The Preliminary Advice Contract can be an introduction and establish the relationship between builder and owner, it is important to note that the Preliminary Advice Contract does not lock the owner into any construction contract for the home.
There are limits on the price of Preliminary Advice Contracts and it is important not to pay excessive sums for works before the work is commenced. Legal advice is recommended.
A mixed-use contract refers to developments that integrate multiple aspects of design into one build. This can include apartments with a commercial space, shops situated on a ground floor, or office blocks with restaurants within the complex.
It is important that the negotiation phase of the contract is carefully considered when undertaken.
Issues that must be considered when drafting will be:
- Management of any common property
Consequently, parties must ensure their interests are well represented in negotiation and dispute resolution procedures are clearly defined to allow for any differences that may arise throughout the course of construction.
Fixed-price contracts are where the fee under the contract is a fixed lump sum. This is the most common type of contract used for domestic building works with the exception for some situations, all domestic building contracts must be a fixed price.
It is important to be note that there are several ways in which the contract price can be changed. This includes ‘variations’, i.e. changes or additions to the scope of works.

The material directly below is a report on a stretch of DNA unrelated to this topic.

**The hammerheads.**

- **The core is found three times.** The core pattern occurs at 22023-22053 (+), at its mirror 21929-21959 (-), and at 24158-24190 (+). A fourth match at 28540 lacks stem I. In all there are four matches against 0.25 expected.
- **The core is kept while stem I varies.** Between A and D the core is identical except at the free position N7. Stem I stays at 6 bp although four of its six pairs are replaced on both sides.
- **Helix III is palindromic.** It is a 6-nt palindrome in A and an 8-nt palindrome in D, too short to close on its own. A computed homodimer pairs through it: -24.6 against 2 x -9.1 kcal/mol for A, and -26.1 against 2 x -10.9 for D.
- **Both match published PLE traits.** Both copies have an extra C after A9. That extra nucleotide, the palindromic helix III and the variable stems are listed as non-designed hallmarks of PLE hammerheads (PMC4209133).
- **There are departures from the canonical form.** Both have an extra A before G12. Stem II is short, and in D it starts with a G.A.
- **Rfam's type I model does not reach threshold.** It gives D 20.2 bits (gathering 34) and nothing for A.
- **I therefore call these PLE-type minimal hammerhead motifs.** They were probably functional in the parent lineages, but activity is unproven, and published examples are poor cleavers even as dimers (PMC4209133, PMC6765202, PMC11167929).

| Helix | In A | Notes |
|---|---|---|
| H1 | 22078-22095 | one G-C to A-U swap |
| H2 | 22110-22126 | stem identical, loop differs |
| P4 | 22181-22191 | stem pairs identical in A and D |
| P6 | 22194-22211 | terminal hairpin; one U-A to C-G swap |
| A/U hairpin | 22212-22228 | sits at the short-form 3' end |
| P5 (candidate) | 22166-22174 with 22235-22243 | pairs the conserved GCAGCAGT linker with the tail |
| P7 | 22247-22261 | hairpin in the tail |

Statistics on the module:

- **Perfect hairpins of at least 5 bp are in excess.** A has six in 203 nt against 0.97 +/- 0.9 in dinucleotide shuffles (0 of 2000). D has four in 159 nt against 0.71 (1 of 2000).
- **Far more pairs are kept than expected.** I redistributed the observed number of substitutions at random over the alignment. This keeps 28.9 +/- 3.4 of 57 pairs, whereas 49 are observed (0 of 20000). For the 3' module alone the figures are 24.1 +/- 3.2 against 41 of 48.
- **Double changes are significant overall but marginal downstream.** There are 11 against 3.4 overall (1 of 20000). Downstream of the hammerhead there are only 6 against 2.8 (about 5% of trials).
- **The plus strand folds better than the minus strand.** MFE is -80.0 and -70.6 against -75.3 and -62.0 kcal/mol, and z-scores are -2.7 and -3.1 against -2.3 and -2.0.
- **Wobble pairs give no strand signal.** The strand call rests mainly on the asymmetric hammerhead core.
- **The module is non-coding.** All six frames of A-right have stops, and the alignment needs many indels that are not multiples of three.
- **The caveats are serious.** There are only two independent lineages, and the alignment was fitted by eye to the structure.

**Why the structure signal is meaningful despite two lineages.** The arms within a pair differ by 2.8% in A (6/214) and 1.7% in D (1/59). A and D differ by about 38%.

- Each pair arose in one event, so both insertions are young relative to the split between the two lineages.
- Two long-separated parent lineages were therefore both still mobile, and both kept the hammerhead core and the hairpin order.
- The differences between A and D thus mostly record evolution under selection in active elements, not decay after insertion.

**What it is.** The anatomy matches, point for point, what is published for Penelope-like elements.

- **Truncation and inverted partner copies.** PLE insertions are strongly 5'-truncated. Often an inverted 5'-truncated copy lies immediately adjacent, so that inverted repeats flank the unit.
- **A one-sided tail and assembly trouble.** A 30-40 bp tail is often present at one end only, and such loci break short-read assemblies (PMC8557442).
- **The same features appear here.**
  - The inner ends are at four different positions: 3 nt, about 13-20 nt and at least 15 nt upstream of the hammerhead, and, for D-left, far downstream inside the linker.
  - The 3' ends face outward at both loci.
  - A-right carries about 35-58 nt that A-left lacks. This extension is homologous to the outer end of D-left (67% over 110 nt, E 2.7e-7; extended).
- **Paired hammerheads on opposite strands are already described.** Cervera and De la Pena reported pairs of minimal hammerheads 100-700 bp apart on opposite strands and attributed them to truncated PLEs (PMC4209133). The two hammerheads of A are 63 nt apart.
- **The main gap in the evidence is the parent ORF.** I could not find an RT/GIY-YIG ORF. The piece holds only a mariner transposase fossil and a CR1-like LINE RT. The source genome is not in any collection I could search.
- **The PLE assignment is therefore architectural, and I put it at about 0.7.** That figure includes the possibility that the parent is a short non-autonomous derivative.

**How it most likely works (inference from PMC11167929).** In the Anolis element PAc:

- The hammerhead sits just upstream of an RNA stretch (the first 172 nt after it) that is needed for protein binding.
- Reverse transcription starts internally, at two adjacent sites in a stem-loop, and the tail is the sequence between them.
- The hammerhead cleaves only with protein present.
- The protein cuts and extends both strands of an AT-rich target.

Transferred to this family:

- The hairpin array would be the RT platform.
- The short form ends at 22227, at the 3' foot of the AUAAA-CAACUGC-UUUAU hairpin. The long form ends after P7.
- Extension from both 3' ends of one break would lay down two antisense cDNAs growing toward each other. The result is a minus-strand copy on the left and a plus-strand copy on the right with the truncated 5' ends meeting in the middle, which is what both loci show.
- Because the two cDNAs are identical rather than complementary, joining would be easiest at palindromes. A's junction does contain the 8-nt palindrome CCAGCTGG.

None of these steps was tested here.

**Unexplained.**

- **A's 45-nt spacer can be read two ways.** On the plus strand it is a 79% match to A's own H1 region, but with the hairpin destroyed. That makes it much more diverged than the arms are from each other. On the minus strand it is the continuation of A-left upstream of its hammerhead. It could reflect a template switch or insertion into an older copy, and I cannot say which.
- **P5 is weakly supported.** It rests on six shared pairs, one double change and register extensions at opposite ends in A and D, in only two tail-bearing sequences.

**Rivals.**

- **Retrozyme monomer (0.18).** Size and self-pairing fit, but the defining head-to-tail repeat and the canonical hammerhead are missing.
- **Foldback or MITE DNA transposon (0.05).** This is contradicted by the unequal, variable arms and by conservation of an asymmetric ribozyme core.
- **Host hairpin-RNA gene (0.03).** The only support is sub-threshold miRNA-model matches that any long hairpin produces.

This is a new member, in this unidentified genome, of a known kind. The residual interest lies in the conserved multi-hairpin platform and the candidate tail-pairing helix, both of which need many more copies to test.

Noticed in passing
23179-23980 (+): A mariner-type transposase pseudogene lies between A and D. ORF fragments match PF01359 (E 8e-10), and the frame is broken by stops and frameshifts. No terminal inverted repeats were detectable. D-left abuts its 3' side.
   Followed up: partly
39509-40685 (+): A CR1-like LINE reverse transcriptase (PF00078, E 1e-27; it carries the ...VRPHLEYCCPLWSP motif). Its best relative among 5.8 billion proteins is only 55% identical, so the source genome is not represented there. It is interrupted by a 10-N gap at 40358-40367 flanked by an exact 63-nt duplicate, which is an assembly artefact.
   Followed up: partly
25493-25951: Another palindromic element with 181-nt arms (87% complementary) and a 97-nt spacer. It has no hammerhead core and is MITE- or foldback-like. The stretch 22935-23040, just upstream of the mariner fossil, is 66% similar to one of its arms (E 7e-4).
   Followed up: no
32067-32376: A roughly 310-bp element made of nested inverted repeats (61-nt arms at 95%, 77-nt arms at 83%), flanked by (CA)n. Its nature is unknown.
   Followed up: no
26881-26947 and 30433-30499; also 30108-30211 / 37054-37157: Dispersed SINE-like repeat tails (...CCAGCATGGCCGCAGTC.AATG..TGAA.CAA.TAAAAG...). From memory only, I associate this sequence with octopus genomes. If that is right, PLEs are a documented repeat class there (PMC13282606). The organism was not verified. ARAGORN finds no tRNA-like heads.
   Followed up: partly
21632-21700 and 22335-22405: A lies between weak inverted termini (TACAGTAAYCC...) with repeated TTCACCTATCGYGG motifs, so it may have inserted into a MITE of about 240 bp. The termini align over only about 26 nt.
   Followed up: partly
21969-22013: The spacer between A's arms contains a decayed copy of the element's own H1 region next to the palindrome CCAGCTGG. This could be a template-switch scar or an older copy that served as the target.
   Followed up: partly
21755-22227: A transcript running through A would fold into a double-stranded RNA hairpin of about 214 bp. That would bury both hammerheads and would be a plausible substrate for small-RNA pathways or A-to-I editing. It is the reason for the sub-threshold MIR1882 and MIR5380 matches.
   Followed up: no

Cost-Plus contracts differ from fixed-price contracts whereby rather than agreeing to a fixed-price for the building works, the owner agrees to cover the cost of the builder along with an agreed margin for the overheads and profit faced by the builder. Completed work will be calculated on an hourly basis as an alternative to a final contract price.
Pursuant to Section 13(b) of the DBC Act:
A builder must not enter into a cost-plus contract unless:
- The contract price exceeds one million dollars ($1,000,000); or
- The work to be carried out under the contract involves renovation, restoration or refurbishment of an existing building; and
- It is not possible to calculate the cost of substantial part of the work without carrying out some domestic building work.
It is essential to obtain legal advice if considering using a cost-plus contract as these can be prohibited except in the above circumstances. The penalties for use of these contracts outside those situations can be serious. The builder must comply by providing a fair and reasonable estimate of the total final cost at the outset of the works.
If you are about to undertake a construction project and unsure of the most appropriate contract, the team at Oldham Construction Lawyers can assist you with understanding your rights, risks and obligations prior to commencement.
For all building contract queries please call our Director, Daniel Oldham on (03) 9640 0002, or via email email@example.com